With the original charges now untimely, Slatten was subsequently indicted on one count of first-degree murder for the killing of Al-Rubia'y. United States v. Slatten, No. 14 Cr. 107 (D.D.C. May 8, 2014), ECF No. 1. There is no statute of limitations for capital offenses like murder in the first degree. 18 U.S.C. § 3281; 18 U.S.C. § 1111(b). One day after the new indictment, Mary McCord, Chief of the Criminal Division of the U.S. Attorney's Office for the District of Columbia, e-mailed defense counsel Thomas Connolly offering to " discuss options for moving forward that do not result in increased exposure for [Slatten]." Opp'n Attach. A. That same day, Connolly responded, stating, " I am happy to receive (via e-mail) and [sic] suggestions you have regarding the charges." Id. One week later, on May 16, McCord e-emailed a letter to defense counsel which contained an offer to " dismiss the charge of first-degree murder" and " proceed by information on the [time-barred] charges contained in the October 2013 superseding indictment" if Slatten was willing to " waive the statute-of-limitations defense." Opp'n Attach. B (the " McCord Letter" ). On May 19, Slatten moved to dismiss the indictment for vindictive prosecution.


" The doctrine of prosecutorial vindictiveness developed as a corollary to the vindictiveness doctrine that precludes, as a matter of due process, imposition by a judge of a more severe sentence upon retrial after a defendant has successfully exercised a constitutional right or pursued a statutory right of appeal or collateral attack." Maddox v. Elzie, 238 F.3d 437, 446, 345 U.S. App. D.C. 58 (D.C. Cir. 2001). Similarly, vindictive prosecution " refers to a situation in which the government acts against a defendant in response to the defendant's prior exercise of constitutional or statutory rights." United States v. Meyer, 810 F.2d 1242, 1245, 258 U.S. App. D.C. 263 (D.C. Cir. 1987), reh'g granted and opinion vacated, 816 F.2d 695 (D.C. Cir. 1987), reh'g denied and opinion reinstated, 824 F.2d 1240, 263 U.S. App. D.C. 260 (D.C. Cir. 1987).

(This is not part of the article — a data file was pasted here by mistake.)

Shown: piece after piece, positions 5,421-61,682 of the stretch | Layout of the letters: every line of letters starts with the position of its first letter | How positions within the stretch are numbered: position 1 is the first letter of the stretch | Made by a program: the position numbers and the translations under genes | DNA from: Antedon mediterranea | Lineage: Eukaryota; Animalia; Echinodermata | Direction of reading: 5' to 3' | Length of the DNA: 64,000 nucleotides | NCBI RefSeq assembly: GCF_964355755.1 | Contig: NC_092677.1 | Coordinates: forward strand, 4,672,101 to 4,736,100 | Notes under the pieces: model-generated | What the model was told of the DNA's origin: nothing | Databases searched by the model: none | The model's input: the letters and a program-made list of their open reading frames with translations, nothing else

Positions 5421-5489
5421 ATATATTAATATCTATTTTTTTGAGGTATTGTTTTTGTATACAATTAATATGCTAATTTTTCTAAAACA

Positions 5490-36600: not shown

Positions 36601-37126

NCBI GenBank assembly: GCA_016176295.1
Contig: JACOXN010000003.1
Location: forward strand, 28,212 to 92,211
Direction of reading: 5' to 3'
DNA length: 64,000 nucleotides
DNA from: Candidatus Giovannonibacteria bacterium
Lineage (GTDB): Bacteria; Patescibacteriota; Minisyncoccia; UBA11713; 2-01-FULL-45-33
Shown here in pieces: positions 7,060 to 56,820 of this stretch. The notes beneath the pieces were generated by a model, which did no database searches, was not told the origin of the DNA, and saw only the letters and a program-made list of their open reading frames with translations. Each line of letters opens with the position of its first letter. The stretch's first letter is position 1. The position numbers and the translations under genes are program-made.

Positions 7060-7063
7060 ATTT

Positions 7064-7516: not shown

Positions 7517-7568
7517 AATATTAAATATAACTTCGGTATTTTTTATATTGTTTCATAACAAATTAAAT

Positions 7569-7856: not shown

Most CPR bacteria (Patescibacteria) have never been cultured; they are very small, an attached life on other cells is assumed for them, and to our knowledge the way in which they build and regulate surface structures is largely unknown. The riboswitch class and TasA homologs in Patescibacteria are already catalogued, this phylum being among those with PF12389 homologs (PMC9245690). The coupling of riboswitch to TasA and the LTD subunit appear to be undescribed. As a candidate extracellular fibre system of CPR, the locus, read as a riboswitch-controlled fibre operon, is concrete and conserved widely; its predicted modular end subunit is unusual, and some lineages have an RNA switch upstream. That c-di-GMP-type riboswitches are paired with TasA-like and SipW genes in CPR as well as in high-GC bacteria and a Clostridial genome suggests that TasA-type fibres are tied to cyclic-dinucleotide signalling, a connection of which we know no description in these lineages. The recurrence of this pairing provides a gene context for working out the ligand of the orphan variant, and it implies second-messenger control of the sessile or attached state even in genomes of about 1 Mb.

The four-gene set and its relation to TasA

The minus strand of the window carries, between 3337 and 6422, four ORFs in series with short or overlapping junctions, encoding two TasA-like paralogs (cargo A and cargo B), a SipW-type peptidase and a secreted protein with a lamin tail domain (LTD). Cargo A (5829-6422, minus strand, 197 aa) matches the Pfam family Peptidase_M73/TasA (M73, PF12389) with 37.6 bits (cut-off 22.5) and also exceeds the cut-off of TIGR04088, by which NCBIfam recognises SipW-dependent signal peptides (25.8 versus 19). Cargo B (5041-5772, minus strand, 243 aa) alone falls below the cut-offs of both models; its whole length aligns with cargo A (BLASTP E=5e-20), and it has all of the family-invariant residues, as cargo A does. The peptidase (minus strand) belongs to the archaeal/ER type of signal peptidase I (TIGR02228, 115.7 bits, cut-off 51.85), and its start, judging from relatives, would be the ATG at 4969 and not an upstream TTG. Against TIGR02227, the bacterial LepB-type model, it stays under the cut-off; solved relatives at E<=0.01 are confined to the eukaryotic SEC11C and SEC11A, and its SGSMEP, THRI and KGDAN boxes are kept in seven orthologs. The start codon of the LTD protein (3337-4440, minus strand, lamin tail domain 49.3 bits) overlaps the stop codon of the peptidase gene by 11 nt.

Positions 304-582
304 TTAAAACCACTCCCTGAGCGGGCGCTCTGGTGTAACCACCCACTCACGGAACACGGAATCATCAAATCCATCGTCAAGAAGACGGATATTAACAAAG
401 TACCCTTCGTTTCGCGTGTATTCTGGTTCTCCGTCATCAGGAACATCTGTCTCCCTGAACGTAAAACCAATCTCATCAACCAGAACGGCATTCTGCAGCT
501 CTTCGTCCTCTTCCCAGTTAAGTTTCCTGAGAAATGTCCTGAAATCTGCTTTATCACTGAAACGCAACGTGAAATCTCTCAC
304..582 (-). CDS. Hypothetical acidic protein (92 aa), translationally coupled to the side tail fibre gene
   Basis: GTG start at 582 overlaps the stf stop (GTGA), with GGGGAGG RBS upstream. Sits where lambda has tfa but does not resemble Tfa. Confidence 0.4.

A defendant may prevail on a claim of prosecutorial vindictiveness by either demonstrating actual vindictiveness or establishing a presumption of vindictiveness. Actual vindictiveness requires proof " through objective evidence that a prosecutor acted in order to punish him for standing on his legal rights." Id. " This showing is, of course, exceedingly difficult to make." Id.; see also United States v. Goodwin, 457 U.S. 368, 384 n.19, 102 S.Ct. 2485, 73 L.Ed.2d 74 (1982) (noting that a defendant may satisfy the evidentiary burden of a claim of actual vindictiveness " only in a rare case" ). " To invoke the presumption of vindictiveness, [the Court] must find that a reasonable likelihood of vindictiveness exists--that is, that the second indictment was 'more likely than not attributable to the vindictiveness on the part of the [g]overnment." United States v. Gary, 291 F.3d 30, 34, 351 U.S. App. D.C. 380 (D.C. Cir. 2002) (quoting Alabama v. Smith, 490 U.S. 794, 801, 109 S.Ct. 2201, 104 L.Ed.2d 865 (1989)). The presumption " may be overcome

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only by objective information in the record justifying the increased sentence." Goodwin, 457 U.S. at 374. " If the government produces such evidence, the defendant's only hope is to prove that the justification is pretextual and that actual vindictiveness has occurred. But if the government fails to present such evidence, the presumption stands and the court must find that the prosecutor acted vindictively." Meyer, 810 F.2d at 1245.

Since Slatten presents no claim of actual vindictiveness, this Memorandum Opinion will focus solely on whether a presumption of vindictiveness applies to the present facts.


A. A Presumption of Prosecutorial Vindictiveness Does Not Apply to the Present Facts